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Posted 22 October 2020 - 11:41 PM

Long term reliability with a PC in the observatory will be best achieved with a fanless system.  Keep in mind that a low powered system (in both processing power and power usage) will be sufficient to run everything in the observatory.  A Celeron or Pentium based PC will run all your capture and control programs just fine.  Install an SSD that you can save files to immediate and then transfer them (over a network of other means) to your processing machine.  This works well with a remote system that I work with.  There the internet communications are terrible, so the system images all night and then files are uploaded the next day.  The nice thing about a PC is that it will run all of the astronomy programs out there that are written for Windows.


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#4 Der_Pit

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Posted 23 October 2020 - 07:26 AM

Just curious: Why do you think you'd have to move to Windows to control an observatory?  INDI/EKOS does have drivers for all that gear.....



#5 ClownFish

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Posted 23 October 2020 - 08:30 AM

Just curious: Why do you think you'd have to move to Windows to control an observatory?  INDI/EKOS does have drivers for all that gear.....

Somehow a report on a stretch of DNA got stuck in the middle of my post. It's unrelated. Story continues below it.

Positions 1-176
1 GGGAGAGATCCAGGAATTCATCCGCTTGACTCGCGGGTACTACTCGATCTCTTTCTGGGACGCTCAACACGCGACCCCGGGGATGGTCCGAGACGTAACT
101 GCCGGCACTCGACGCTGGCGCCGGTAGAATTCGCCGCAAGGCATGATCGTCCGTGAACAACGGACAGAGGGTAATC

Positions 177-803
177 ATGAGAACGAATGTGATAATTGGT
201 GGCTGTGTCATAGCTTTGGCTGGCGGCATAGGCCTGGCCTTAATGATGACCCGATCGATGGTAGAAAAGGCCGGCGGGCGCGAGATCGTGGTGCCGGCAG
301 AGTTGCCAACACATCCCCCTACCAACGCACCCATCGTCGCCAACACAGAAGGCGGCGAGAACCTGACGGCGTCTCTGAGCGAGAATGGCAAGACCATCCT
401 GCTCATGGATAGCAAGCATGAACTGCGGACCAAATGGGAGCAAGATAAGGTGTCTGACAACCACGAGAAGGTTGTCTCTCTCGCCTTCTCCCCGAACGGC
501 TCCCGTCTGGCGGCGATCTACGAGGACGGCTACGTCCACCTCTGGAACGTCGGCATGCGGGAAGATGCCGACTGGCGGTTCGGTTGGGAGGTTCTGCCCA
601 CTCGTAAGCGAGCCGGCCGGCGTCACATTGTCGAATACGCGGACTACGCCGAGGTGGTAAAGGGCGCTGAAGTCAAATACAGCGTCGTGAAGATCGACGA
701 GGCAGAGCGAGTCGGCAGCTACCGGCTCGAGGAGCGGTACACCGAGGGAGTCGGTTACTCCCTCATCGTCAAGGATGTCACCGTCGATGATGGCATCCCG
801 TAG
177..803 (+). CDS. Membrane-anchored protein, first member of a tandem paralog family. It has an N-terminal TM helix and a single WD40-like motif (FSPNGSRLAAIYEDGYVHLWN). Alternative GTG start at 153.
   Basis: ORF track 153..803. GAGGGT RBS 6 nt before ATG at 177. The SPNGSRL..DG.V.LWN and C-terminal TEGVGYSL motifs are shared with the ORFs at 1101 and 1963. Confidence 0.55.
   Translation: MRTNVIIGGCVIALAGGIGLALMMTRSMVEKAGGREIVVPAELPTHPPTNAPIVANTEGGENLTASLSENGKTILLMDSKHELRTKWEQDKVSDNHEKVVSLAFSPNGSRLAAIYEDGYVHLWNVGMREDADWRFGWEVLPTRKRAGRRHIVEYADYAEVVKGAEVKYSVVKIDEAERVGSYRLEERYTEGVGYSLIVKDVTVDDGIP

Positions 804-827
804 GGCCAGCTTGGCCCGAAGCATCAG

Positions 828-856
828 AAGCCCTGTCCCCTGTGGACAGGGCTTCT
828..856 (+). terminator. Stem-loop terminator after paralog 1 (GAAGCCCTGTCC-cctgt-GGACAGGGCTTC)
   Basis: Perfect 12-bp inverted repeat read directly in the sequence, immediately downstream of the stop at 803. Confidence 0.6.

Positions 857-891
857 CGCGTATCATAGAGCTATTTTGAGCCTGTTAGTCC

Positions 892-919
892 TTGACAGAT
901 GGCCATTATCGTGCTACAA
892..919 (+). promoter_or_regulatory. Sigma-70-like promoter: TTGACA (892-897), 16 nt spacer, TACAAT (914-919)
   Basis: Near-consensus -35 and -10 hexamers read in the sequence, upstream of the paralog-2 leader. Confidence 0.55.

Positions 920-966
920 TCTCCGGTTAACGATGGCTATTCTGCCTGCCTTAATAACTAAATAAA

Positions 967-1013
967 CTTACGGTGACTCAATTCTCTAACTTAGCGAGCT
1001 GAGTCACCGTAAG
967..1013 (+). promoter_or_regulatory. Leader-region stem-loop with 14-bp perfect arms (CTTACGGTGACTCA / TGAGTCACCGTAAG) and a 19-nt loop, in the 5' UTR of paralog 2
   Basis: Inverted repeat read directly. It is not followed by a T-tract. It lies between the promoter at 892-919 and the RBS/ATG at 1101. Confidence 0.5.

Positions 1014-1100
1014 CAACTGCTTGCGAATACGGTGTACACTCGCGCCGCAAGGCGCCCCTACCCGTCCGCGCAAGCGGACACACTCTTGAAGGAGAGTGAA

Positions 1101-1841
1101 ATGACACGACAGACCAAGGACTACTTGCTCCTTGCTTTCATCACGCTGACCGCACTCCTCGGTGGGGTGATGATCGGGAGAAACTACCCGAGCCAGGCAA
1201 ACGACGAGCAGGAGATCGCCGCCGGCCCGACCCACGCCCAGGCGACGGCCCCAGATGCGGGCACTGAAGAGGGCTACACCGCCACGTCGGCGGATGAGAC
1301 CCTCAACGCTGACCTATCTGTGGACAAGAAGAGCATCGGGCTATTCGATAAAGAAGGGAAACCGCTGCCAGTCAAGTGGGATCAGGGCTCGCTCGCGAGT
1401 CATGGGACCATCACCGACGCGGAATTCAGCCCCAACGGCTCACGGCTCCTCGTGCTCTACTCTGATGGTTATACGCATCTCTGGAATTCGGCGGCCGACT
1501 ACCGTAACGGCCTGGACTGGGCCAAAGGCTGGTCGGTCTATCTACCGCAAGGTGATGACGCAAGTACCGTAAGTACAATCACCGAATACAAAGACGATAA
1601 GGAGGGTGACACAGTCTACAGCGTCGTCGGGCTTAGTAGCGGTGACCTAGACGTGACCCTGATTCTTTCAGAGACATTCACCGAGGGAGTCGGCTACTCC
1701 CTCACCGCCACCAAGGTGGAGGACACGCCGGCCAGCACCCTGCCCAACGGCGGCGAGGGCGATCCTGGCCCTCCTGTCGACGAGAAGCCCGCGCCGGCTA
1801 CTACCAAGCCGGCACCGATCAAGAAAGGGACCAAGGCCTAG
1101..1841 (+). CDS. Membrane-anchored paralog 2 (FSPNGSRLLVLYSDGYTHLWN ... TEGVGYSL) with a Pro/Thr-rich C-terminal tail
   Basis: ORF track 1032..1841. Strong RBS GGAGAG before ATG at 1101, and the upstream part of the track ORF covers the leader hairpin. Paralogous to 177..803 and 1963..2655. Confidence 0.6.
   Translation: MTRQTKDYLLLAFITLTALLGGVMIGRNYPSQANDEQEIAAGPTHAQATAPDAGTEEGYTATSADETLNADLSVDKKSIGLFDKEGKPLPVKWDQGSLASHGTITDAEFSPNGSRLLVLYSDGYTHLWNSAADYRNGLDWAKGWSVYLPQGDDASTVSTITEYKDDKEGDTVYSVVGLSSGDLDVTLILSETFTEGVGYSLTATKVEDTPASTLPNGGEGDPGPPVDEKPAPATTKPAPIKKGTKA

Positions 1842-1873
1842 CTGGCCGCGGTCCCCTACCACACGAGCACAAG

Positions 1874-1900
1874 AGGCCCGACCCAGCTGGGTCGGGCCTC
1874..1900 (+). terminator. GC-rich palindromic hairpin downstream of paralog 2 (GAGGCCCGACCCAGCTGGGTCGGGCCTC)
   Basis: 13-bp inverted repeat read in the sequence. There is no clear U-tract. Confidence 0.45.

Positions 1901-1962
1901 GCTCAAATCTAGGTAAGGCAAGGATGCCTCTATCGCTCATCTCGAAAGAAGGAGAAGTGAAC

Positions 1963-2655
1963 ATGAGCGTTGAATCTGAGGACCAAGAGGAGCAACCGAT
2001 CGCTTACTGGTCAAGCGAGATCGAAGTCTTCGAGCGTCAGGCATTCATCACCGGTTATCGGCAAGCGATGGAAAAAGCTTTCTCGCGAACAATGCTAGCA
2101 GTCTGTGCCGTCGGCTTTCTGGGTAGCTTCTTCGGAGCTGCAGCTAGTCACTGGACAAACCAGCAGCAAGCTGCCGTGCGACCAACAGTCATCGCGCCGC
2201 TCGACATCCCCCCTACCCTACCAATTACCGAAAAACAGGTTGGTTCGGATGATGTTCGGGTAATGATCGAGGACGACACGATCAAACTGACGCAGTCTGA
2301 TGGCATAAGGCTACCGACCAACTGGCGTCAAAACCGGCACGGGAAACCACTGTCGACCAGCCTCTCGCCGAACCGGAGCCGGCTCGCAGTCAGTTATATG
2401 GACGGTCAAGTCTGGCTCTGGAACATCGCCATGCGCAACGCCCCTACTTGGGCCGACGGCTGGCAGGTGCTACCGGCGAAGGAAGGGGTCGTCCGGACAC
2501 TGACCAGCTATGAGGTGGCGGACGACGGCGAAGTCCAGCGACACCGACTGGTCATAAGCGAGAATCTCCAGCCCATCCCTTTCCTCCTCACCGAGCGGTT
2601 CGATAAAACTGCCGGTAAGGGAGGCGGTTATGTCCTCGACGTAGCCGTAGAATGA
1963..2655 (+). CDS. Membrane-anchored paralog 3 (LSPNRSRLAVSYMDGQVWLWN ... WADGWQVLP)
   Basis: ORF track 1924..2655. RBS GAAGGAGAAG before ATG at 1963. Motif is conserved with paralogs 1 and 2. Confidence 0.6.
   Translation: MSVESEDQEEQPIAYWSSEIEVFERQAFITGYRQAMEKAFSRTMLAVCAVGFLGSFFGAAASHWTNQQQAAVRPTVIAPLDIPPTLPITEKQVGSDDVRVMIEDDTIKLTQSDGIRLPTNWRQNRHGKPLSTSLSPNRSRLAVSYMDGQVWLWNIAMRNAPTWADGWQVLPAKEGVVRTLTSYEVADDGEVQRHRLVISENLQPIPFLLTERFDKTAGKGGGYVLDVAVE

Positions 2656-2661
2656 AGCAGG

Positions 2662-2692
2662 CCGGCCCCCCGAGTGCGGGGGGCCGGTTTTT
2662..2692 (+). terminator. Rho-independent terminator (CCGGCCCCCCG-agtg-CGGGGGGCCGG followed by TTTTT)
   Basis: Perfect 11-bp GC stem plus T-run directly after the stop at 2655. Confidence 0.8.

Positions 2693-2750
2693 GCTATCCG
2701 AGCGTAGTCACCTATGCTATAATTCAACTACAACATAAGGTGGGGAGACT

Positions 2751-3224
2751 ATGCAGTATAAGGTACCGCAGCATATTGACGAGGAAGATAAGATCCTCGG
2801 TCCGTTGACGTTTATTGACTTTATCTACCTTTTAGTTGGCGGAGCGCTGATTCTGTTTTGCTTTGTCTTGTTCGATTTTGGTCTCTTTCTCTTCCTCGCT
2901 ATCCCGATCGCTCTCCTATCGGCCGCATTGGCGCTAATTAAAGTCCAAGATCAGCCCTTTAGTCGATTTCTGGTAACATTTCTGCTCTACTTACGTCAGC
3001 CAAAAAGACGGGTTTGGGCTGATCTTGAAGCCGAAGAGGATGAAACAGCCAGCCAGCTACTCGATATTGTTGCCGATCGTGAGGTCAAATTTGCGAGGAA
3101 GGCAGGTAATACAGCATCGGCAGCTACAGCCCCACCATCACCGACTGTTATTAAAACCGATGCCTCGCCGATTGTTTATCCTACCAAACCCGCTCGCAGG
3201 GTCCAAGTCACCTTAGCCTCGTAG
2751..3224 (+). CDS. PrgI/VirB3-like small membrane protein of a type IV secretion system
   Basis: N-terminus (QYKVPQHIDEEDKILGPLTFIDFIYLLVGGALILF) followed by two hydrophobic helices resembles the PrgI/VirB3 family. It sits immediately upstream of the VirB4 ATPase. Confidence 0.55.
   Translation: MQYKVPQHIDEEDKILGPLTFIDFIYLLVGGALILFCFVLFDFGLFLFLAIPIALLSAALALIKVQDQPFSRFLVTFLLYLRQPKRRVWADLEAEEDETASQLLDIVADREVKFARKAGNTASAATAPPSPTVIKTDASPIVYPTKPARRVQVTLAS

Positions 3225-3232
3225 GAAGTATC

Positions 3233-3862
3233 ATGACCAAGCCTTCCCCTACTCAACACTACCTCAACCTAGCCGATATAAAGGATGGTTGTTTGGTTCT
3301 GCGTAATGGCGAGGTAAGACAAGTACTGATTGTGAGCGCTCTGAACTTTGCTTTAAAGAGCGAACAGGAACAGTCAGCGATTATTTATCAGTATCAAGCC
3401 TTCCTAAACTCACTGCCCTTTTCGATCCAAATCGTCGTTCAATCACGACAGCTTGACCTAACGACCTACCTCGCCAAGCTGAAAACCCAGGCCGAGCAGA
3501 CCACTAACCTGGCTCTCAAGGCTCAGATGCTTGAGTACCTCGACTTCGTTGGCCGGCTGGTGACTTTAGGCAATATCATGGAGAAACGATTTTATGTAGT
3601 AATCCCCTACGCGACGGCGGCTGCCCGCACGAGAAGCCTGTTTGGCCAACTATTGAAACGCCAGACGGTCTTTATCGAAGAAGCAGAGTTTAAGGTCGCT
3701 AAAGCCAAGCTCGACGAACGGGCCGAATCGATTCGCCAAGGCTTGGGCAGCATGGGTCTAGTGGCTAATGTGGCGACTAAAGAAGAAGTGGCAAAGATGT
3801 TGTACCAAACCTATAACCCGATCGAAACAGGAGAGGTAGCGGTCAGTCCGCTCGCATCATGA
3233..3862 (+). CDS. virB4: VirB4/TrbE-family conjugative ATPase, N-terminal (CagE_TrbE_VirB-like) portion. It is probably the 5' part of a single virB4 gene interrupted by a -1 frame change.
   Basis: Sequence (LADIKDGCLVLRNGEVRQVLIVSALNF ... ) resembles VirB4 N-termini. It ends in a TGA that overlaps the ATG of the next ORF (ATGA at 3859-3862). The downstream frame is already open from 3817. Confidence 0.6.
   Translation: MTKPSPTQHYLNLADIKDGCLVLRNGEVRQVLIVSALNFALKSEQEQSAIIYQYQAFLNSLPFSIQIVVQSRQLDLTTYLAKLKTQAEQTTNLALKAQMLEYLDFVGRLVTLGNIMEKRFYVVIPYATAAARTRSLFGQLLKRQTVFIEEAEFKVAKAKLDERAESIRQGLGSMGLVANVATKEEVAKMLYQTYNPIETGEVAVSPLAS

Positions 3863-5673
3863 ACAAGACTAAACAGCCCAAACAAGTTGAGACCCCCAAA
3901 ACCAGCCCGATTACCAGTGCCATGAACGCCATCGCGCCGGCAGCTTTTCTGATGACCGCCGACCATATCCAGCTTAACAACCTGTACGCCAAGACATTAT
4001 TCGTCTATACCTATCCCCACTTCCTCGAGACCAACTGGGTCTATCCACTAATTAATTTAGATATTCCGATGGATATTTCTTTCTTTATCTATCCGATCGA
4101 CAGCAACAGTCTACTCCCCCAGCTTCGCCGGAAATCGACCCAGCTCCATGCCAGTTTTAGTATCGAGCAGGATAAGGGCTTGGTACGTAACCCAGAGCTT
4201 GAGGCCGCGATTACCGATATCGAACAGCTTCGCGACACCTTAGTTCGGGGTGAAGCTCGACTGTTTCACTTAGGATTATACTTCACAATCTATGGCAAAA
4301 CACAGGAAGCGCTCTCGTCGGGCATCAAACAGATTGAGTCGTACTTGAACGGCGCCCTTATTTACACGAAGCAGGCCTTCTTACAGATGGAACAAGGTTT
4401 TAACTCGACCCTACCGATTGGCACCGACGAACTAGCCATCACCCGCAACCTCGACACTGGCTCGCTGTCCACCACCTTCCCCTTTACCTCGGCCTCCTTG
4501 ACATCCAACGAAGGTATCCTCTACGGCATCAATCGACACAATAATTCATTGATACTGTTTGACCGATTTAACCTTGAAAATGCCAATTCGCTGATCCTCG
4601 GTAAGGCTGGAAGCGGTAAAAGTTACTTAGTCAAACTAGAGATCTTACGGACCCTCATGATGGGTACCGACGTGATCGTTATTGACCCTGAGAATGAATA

I was having trouble recently that I attributed to INDI, but now I think it may be the NanoPC, not the software.

The NanoPC refuses to see my RS232 USB adapter, even though the drivers are built into Ubuntu, and its USB3 port has never worked with my ASI cameras.  I have seen other issues that have popped up recently - but maybe I just need to do a clean install of Ubuntu and KStars before I give up on the platform.   Yes, KStars does everything I need.



#6 ClownFish

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Posted 23 October 2020 - 08:39 AM

Long term reliability with a PC in the observatory will be best achieved with a fanless system.  Keep in mind that a low powered system (in both processing power and power usage) will be sufficient to run everything in the observatory.  A Celeron or Pentium based PC will run all your capture and control programs just fine.  Install an SSD that you can save files to immediate and then transfer them (over a network of other means) to your processing machine.  This works well with a remote system that I work with.  There the internet communications are terrible, so the system images all night and then files are uploaded the next day.  The nice thing about a PC is that it will run all of the astronomy programs out there that are written for Windows.